Just to the west of St Abbs Head I came across an unusual feature that I had seen marked on the map when I had been planning the trip. This feature was a dashed line a mile long, marked as a 'measured mile', crossing directly over several gullies. I enquired on the newsgroup uk.rec.walking, abut what this as, and I got told that it is a series of markers used to test the speed of ships at sea. This had intrigued me, and so I was determined to make the markers part of the walk. This was easier said than done, as they are on some fairly remote and rough terrain, and between them there are several deep gullies. I reached the first pair of markers easily (each end of the mile has a couple of markers - I assume that when they are lined up the ship knows that it is passing one), but I found the terrain towards the next one to be too hard going, and I floundered around whilst trying to find a better route. Eventually I reached the northern side of Coldingham Loch, and from here the going was easier as I descended downhill to the little bay at Pettick Wick, with some spectacular eroded cliffs beside it. By this time my legs were starting to ache, and my Achilles was much worse. I was glad when I joined the surfaced track that leads uphill to the top of St Abbs Head, and although it was a steep climb the even ground allowed me to relax slightly. Halfway up the climb the light drizzle that had been falling turned to rain, and I was forced to stop for a minute to put my coat on - the first time that I had needed it on the entire trip so far!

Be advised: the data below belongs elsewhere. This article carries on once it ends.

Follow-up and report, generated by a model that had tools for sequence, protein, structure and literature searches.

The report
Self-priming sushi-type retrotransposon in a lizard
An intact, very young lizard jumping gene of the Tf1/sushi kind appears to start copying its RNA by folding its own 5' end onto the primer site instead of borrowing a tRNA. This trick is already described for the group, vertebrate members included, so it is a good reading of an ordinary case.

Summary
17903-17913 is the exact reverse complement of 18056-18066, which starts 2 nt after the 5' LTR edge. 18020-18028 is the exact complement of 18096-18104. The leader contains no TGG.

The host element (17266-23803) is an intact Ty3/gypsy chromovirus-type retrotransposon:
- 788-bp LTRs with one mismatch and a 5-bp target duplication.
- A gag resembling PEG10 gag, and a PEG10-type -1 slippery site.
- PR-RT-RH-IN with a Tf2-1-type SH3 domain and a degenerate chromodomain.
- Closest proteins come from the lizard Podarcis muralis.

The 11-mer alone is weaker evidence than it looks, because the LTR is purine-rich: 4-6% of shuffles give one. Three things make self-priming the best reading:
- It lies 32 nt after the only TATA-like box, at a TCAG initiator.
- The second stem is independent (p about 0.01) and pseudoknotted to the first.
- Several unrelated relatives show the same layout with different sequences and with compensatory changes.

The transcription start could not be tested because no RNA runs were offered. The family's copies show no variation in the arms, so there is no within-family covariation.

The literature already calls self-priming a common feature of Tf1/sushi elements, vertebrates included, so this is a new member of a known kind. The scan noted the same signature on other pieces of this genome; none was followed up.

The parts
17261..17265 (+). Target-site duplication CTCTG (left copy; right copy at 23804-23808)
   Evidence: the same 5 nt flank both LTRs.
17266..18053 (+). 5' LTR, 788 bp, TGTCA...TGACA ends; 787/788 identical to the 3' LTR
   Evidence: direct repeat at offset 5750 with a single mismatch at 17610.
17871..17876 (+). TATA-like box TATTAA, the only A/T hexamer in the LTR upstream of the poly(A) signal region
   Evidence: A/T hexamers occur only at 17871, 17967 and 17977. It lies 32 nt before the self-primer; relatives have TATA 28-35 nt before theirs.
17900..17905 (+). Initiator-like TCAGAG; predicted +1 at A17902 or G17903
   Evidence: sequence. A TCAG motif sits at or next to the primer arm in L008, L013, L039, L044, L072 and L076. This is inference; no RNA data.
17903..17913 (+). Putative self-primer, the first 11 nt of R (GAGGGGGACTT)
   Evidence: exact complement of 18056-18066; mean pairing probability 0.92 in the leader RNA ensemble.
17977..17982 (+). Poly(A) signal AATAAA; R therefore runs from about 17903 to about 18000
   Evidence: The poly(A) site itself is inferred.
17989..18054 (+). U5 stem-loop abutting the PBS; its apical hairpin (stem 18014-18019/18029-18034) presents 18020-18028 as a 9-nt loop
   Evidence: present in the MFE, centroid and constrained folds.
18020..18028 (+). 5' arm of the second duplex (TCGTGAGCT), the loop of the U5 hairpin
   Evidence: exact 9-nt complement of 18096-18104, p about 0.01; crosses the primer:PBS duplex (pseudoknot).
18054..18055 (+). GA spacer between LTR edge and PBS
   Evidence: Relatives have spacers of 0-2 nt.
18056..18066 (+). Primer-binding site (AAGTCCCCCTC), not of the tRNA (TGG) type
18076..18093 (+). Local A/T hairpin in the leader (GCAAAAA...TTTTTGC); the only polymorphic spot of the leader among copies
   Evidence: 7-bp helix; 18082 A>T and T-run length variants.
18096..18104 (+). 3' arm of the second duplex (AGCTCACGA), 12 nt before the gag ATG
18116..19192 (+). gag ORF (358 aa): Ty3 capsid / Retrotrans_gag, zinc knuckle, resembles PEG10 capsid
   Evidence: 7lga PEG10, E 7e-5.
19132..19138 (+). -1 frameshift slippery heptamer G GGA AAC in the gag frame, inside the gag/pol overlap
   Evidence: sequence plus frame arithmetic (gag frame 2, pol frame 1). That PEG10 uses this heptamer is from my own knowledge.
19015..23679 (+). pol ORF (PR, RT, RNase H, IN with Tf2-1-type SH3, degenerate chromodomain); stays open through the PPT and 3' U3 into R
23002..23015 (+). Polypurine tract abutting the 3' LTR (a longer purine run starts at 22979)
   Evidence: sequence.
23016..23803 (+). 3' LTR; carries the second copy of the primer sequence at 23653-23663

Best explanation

At the top of St Abbs Head there is a lighthouse (built in 1861) and, at the very top, a viewpoint, but in the rain the views were limited to say the least. By this time I was thoroughly knackered, and so, after a short wait, I started to head back down to St Abbs, where Sam was due to meet me. Although the path was steep in places it was nice to be able to be following a path after the trackless ground that I had just been on, and I soon found myself passing Kirk Hill towards The Wuddy. By the time I was lower down the weather had improved, and although it was drizzling the wind was not gusting so strongly and there was just a light drizzle hanging in the air - annoying, but not too bothersome. The path diverts inland to meet a main road, which I had to follow past an attractive church to reach St Abbs Harbour. I had heard that St Abbs is a diving Mecca, and sure enough equipment was just being unloaded from a RIB as I reached the harbour, and after I met Sam we ended up chatting to some divers for a while before we finally left.